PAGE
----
Cummings, NSO serve up a fresh take on Handel’s “Messiah”
The incontrovertible signs of the end of the year are upon us. People are stringing lights and decorations, buying presents at a feverish pace, and attending far too many holiday parties. The poinsettias were under the tree in the Kennedy Center Concert Hall on Thursday night, as the National Symphony Orchestra continued its annual tradition of performing Handel’s Messiah.
While the NSO performs the same piece year after year, routine is avoided by doing it a bit differently each December. This year the honor fell to Laurence Cummings, music director of the Göttingen International Handel Festival and the London Handel Festival. He brought an easy authority to the score, conducting from one of the two harpsichords in the orchestra, augmented nicely by portative organ in the larger pieces. A small ensemble of around twenty string players played mostly without vibrato. In the hall’s vast acoustic it was a sound that never overwhelmed the ears and often required one to lean in and listen carefully.
Soprano Joélle Harvey, heard in Washington Concert Opera’s La Favorite last spring, was the best of the quartet of soloists. Her tone was small but pure and airy at the top, so that she could easily float soft high notes. The series of dramatic pieces at the birth of Christ were dramatic and exciting, and she took the runs in “Rejoice greatly” at a fluttering, rapid pace. Harvey’s performance of the often-cut aria “If God be for us” was the high point of the evening. The serene calm of Harvey’s voice, interwoven with the lithe violin solo by concertmaster Nurit Bar-Josef, made this a lovely moment of repose.
Cummings had the University of Maryland Concert Choir for the ensemble numbers, which are the backbone of this oratorio. Well prepared by director Edward Maclary and augmented by a few professional stringers, they gave an intense rendition of their numbers, with the alto section standing out for the beauty of their sound. Cummings applied articulation rigorously to their parts to bring out the leading motifs in each chorus. Cummings cut eight numbers from the second and third parts, including reducing the Pifa to just a few bars, played in a way that recalled its association with the pastoral bagpipe.
James Kryshak was convincing in the tenor arias albeit singing them with a rather anodyne voice. Intonation was not always on target, and he had a moment of confusion about the text in his opening recitative, “Comfort ye.” Bass-baritone Douglas Williams lacked power at the bottom of his range, and the top of some of the pieces, like “The trumpet shall sound” souned effortful.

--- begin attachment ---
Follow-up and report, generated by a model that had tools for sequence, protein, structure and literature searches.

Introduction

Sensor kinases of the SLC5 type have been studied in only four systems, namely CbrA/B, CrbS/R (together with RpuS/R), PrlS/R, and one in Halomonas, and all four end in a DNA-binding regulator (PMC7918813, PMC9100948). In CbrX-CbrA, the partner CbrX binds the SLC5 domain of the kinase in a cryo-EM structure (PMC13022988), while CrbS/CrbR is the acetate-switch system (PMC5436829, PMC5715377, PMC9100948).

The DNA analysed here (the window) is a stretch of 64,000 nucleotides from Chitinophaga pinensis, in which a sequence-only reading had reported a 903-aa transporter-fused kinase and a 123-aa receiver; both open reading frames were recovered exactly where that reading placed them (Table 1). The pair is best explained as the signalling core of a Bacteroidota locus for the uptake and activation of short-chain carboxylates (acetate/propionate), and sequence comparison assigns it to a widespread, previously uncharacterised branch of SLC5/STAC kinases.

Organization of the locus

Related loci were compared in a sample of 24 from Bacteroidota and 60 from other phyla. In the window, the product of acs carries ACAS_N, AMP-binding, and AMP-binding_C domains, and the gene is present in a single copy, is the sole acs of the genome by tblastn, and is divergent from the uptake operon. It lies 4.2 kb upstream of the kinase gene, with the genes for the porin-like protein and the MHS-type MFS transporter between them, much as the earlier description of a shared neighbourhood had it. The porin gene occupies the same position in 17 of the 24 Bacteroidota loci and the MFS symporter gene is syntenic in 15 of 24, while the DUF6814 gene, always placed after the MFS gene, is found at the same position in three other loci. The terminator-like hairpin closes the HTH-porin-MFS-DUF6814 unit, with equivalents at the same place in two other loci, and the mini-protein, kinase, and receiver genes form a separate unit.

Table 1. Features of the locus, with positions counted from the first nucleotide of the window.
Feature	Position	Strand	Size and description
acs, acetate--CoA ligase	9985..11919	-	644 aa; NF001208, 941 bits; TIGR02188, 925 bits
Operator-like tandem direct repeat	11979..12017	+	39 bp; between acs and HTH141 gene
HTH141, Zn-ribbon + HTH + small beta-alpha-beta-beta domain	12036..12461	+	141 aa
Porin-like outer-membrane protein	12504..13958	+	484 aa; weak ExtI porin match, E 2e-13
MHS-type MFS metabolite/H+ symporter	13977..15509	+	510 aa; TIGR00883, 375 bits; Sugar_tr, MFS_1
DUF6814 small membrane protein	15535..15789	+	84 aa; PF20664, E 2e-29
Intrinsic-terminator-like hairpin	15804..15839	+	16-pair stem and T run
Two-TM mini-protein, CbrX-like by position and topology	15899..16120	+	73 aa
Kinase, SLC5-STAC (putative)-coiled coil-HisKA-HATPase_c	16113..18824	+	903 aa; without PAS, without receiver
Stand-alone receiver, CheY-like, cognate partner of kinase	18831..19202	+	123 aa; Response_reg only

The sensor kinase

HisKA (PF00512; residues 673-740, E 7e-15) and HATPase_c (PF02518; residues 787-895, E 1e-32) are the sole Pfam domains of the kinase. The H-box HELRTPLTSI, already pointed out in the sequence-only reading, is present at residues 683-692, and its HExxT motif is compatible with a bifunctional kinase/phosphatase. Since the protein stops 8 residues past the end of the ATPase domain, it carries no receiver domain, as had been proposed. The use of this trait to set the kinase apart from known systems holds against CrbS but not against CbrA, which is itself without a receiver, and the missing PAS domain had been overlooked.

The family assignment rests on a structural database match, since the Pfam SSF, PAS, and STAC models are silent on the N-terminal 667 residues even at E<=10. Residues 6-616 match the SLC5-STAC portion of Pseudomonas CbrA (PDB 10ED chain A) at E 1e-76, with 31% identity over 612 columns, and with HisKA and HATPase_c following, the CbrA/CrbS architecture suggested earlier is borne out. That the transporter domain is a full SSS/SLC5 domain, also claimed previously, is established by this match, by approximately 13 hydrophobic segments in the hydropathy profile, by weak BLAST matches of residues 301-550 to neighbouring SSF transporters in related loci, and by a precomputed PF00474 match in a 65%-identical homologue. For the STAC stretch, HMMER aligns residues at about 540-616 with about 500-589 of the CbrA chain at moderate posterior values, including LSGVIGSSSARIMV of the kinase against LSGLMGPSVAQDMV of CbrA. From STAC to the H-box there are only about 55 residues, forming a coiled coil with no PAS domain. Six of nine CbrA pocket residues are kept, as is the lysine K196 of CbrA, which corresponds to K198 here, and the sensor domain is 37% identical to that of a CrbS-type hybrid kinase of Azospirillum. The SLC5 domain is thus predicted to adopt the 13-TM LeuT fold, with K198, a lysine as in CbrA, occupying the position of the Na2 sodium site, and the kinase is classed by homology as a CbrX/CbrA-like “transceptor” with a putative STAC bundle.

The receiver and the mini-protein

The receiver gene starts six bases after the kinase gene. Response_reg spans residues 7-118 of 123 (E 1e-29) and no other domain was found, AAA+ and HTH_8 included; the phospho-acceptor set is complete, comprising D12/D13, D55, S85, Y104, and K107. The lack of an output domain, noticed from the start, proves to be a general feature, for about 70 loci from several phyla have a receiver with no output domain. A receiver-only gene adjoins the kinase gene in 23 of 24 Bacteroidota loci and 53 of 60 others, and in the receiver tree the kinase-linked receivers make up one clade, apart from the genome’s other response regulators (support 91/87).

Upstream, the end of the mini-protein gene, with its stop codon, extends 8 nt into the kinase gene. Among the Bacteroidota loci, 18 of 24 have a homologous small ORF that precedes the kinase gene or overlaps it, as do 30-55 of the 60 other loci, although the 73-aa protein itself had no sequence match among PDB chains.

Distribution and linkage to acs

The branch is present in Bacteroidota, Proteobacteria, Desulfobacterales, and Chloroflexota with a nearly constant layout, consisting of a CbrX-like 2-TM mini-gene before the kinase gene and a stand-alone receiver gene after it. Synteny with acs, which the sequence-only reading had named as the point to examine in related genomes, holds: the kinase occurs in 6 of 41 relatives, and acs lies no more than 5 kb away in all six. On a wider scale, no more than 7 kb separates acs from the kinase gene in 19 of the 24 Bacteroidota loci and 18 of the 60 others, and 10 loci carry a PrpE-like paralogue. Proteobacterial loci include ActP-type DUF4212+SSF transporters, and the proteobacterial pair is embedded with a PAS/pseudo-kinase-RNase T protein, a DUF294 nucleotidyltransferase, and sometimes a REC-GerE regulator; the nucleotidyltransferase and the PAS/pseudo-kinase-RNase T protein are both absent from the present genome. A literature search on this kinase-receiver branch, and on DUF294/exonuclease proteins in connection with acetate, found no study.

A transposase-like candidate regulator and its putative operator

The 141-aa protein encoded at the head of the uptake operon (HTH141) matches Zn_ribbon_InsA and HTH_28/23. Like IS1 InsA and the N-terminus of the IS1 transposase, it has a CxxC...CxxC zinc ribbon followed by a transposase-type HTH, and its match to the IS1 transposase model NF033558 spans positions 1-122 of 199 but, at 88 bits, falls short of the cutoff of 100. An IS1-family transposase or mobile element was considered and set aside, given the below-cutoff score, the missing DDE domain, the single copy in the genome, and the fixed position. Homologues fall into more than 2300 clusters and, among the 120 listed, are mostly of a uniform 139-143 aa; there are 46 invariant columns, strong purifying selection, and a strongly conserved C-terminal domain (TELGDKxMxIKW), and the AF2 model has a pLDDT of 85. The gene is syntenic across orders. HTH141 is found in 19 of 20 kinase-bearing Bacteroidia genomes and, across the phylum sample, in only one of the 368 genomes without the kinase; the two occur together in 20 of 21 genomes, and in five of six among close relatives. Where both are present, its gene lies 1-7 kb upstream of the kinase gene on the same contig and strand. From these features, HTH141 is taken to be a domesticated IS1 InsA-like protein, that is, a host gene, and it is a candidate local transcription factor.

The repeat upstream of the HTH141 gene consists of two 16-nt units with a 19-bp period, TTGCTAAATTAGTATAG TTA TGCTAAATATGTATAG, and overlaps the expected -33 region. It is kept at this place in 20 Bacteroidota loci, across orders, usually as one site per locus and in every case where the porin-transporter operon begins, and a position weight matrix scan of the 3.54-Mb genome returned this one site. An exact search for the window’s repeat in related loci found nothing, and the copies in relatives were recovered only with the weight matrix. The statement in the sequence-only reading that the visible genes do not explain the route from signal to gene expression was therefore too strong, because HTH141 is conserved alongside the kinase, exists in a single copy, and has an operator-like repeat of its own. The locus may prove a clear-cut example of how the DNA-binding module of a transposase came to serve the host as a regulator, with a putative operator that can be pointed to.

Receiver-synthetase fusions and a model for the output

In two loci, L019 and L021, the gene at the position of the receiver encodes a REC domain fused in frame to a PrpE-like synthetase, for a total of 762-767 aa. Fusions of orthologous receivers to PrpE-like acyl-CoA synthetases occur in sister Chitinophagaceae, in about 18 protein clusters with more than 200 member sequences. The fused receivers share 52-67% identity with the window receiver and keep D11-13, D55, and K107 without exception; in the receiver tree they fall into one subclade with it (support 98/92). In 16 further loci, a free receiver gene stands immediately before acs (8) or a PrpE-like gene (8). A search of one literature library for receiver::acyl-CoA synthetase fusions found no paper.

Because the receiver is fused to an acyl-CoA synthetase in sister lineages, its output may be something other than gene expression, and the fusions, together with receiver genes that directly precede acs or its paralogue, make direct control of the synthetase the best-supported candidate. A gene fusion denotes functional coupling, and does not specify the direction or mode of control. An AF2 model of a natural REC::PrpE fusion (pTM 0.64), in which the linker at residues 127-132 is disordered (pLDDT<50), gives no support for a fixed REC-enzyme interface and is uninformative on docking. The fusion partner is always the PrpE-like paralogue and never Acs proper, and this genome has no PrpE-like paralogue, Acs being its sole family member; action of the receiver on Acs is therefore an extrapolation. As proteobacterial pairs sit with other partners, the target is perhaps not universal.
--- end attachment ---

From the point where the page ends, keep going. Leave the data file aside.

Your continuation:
Countertenor Christopher Ainslie was the most adventurous in terms of ornamenting his part, and his occasional cadenzas at the end of arias kept listeners on their toes. Handel did create some of the arias for male altos at the first Dublin performance, but some of the signature pieces require the distinctive timbre of a low woman’s voice. For example, Ainslie did not do justice to “He was despised.”
In an interview Cummings has spoken of being taken by Christopher Hogwood’s arresting, period-instruments recording of Messiah when he was young. Like Hogwood, Cummings emphasized the more operatic qualities of the work, tying many of the pieces together by taking no pause between them, as if to prevent even the thought of applauding in the audience’s mind. The soloists performed the recitatives with more visceral urgency, the way an opera singer would, and they strode back and forth from seats at the side of the stage to the side of the podium during the introductions and postludes. At one point Kryshak turned his back to the audience to face the chorus, braying in derision in “He trusted in God,” as if they were in a staged production.
It was a good reminder that Messiah is not a liturgical work, intended as it was for a public theater, with the circus-like intermission feature of Handel performing his own organ concertos. Jonathan Swift, then dean of St. Patrick’s Cathedral in Dublin, almost scuttled the premiere by initially forbidding cathedral choristers to take part in the performance because of the perceived crossing of sacred-secular lines. It is always satisfying to hear such a work with some of the accumulated varnish scraped away.